The daylong carnival-like atmosphere in 2012, held in its traditional spot in Ames, left many in the party publicly groaning and privately plotting its demise. Rep. Michele Bachmann of Minnesota enjoyed her triumph in an air-conditioned tent, cheered as confetti cannons blasted shredded paper over her crowd and country singer Randy Travis performed. She became an instant contender, thanks to the 4,823 participants who cast their ballot for Bachmann. Five months later, 6,064 Iowans caucused for her—a distant sixth place. Establishment-minded Republicans sighed that Bachmann drew the focus from Mitt Romney, 2012’s eventual nominee who chose to skip the Straw Poll and its vote-buying-by-another-name altogether.

Sen. Joni Ernst last week half-heartedly defending her home state’s $30-per-person Straw Poll at her own rally in Boone. “We really want the grassroots activists to come and out vote on who they want to see as their candidate,” Ernst said, standing at the site where the Straw Poll was to be held. Asked what would happen if candidates skipped, she shrugged. “It’s not disqualifying.”

Even as she was defending the institution, it was clear that many members of the top-tier contenders were planning to skip. Wisconsin Gov. Scott Walker, who is atop the polls in Iowa, refused to pledge to participate in the melee. Former Arkansas Gov. Mike Huckabee, who used a second-place finish during the 2008 campaign to give his spendthrift bid a boost, said he would skip the Boone afternoon, too. For many there was only a downside: Former Minnesota Gov. Tim Pawlenty ended his bid the day after a third-place finish during the 2012 race; Kansas Sen. Sam Brownback placed third in the Straw Poll during his 2008 bid and never recovered. This year’s candidates such as Walker, Huckabee and even former Pennsylvania Sen. Rick Santorum can only lose if they come short of expectations.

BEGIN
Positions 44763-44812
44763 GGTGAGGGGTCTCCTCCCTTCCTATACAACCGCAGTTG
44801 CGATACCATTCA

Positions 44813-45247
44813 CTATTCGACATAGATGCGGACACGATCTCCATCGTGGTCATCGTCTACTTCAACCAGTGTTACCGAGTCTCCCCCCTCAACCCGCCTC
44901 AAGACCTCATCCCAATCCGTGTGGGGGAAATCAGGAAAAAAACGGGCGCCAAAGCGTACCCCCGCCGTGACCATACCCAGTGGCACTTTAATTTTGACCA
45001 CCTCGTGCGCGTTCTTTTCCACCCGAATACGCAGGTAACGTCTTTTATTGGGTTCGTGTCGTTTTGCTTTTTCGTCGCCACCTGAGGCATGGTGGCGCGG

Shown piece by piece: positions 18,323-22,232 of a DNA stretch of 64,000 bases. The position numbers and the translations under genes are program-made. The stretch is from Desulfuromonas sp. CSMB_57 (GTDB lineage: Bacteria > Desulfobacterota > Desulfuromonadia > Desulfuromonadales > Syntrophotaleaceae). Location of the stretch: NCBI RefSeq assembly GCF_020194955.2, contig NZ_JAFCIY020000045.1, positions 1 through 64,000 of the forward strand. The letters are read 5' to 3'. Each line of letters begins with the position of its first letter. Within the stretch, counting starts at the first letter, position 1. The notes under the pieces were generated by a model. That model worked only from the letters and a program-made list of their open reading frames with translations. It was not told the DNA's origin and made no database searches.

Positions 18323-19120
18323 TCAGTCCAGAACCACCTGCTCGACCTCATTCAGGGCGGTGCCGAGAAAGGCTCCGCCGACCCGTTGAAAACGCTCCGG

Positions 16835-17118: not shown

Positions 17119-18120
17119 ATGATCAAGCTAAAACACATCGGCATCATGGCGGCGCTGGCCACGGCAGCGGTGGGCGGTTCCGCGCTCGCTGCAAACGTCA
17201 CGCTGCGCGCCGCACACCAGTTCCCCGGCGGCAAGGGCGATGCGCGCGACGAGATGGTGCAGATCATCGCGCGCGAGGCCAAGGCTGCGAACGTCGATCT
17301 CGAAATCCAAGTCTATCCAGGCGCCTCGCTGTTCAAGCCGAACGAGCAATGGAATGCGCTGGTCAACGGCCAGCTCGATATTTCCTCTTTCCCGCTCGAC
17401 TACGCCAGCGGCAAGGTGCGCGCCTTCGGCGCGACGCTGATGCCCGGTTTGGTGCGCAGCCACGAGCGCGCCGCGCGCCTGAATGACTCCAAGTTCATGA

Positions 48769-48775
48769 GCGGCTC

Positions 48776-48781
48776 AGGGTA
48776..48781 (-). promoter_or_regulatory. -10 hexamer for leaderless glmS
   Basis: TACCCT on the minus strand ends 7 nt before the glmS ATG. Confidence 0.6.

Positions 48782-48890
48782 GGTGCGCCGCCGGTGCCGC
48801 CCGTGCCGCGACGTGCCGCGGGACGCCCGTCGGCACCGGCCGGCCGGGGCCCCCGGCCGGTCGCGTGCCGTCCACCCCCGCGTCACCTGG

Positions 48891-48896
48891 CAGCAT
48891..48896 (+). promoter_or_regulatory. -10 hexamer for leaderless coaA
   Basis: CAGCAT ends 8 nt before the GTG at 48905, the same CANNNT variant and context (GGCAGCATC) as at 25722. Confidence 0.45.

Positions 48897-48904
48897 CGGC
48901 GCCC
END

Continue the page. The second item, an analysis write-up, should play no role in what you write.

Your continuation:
In its ideal format, the Straw Poll gave lesser-known candidates like Huckabee a shot on the national stage. But in practice, the event rewarded heavy spending; Romney won the 2007 edition after spending millions, only to have Huckabee’s insurgence win the headlines. Four years later, he followed the model set by John McCain’s 2008 bid for the nomination and kept away. Iowans didn’t punish him and gave him essentially a tie for the top spot when it came time to caucus.

Indeed, only once had the clear winner of the Straw Poll gone on to win the GOP nomination. Sens. Bob Dole and Phil Gramm tied at the Straw Poll on the road to the 1996 nomination; Dole won the nomination. And, really, only a member of the Bush clan has ever been both the clear winner of the Straw Poll and the Iowa Caucuses. George W. Bush, of course, in 2000. His father, George H.W. Bush won the inaugural Straw Poll in 1979 and the 1980 Iowa Caucuses. He lost out on the nominee to Ronald Reagan and, when Bush successfully tried again in 1988, he ran a distant third—behind fiery televangelist Pat Robertson who in his platform proposed banning pornography.